What do other countries do?

New Zealand’s environmental reporting framework is based on, and comparable to, what is being used internationally. Many countries (including Australia, Scotland, and Norway) report on areas similar to our ‘impact’ categories, such as culture and recreation and public health.

Some countries report on ‘response’. How the Government or community is responding to environmental issues was deliberately not included in the environmental reporting framework to reinforce the report’s independence. This report is an objective exercise that is separate from the policy decisions made by Ministers.

How can we be sure the report is independent?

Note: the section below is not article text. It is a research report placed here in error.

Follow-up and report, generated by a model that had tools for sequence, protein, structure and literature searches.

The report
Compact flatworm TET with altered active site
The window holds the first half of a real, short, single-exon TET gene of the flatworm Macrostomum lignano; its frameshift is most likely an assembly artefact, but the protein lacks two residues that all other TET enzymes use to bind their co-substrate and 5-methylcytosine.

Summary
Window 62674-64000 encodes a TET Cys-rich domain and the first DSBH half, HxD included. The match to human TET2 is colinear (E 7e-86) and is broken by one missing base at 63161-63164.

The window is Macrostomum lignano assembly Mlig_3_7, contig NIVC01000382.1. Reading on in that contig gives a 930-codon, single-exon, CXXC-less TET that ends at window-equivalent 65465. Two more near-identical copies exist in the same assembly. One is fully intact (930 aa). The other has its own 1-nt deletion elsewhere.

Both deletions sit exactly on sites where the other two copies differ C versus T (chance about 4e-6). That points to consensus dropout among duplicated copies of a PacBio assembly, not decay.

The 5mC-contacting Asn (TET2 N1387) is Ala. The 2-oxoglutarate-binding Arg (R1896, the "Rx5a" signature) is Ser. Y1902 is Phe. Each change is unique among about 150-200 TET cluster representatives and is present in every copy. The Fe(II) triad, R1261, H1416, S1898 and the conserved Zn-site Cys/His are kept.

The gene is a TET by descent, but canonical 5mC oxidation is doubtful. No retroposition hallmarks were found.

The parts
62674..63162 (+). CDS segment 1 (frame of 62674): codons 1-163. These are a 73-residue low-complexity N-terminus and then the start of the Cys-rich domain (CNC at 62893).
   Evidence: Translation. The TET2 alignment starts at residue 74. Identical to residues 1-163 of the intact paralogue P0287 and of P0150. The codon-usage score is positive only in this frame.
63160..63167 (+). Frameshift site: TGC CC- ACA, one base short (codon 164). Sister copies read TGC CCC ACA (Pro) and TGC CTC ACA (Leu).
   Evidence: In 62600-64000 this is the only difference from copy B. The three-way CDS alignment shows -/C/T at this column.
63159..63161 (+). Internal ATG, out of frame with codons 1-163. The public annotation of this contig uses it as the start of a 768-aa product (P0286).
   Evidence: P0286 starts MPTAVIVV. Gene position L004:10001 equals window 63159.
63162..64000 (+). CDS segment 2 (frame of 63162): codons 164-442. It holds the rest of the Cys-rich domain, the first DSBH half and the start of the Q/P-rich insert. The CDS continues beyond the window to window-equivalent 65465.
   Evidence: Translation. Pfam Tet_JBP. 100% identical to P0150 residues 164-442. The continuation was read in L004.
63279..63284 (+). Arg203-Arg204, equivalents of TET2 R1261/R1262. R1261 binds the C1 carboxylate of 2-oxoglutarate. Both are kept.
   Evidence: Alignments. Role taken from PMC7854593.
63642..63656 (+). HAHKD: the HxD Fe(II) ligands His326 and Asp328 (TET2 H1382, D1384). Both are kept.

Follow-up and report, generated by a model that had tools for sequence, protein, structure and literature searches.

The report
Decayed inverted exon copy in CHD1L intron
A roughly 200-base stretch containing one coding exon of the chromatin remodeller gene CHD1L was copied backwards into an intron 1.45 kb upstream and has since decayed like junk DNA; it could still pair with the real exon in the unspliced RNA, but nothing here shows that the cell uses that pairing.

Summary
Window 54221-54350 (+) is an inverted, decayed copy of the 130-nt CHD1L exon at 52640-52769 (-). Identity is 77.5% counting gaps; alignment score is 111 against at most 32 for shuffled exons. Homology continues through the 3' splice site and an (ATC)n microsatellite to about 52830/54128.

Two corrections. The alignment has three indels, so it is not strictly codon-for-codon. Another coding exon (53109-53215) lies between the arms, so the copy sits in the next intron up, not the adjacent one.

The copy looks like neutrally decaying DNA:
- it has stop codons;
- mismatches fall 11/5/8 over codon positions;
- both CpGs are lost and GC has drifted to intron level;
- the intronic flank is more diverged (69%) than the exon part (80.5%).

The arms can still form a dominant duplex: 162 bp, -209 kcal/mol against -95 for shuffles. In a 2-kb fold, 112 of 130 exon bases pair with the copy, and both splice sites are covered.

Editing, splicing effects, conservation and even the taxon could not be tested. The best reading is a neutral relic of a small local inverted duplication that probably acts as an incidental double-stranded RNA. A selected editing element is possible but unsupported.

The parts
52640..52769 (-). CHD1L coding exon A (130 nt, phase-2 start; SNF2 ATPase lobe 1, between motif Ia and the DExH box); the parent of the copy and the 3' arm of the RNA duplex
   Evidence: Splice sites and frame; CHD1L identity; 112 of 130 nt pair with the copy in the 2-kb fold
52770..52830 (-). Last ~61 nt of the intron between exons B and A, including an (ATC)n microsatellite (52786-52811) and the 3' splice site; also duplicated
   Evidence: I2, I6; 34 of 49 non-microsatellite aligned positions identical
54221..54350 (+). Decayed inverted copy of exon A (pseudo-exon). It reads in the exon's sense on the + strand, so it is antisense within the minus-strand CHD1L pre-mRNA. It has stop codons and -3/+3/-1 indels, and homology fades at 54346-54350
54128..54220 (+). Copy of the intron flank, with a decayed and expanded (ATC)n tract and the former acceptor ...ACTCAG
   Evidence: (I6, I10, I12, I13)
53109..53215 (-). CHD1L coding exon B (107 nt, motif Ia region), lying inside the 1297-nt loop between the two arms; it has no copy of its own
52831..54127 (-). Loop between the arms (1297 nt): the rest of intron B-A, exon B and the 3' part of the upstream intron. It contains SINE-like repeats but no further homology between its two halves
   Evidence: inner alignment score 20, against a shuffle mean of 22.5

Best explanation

The Government Statistician has sole responsibility for deciding which methods and statistics (measures) are used for each topic in the report. The Parliamentary Commissioner for the Environment can audit and comment on every report.

Statistics NZ ensured the quality and independence of the data in the same way it does for other official statistics about population, the economy, or business. As part of Statistics NZ’s approach to reporting official statistics, the information is confidential to everyone, including Ministers and policy staff, until the day of release.

How were the topics in the report selected?

Ministers, on the advice of external technical experts and officials, chose the topics for 2015. Topics for future reports will be set in regulation following public consultation.

Where does the data come from and how do we know it is accurate?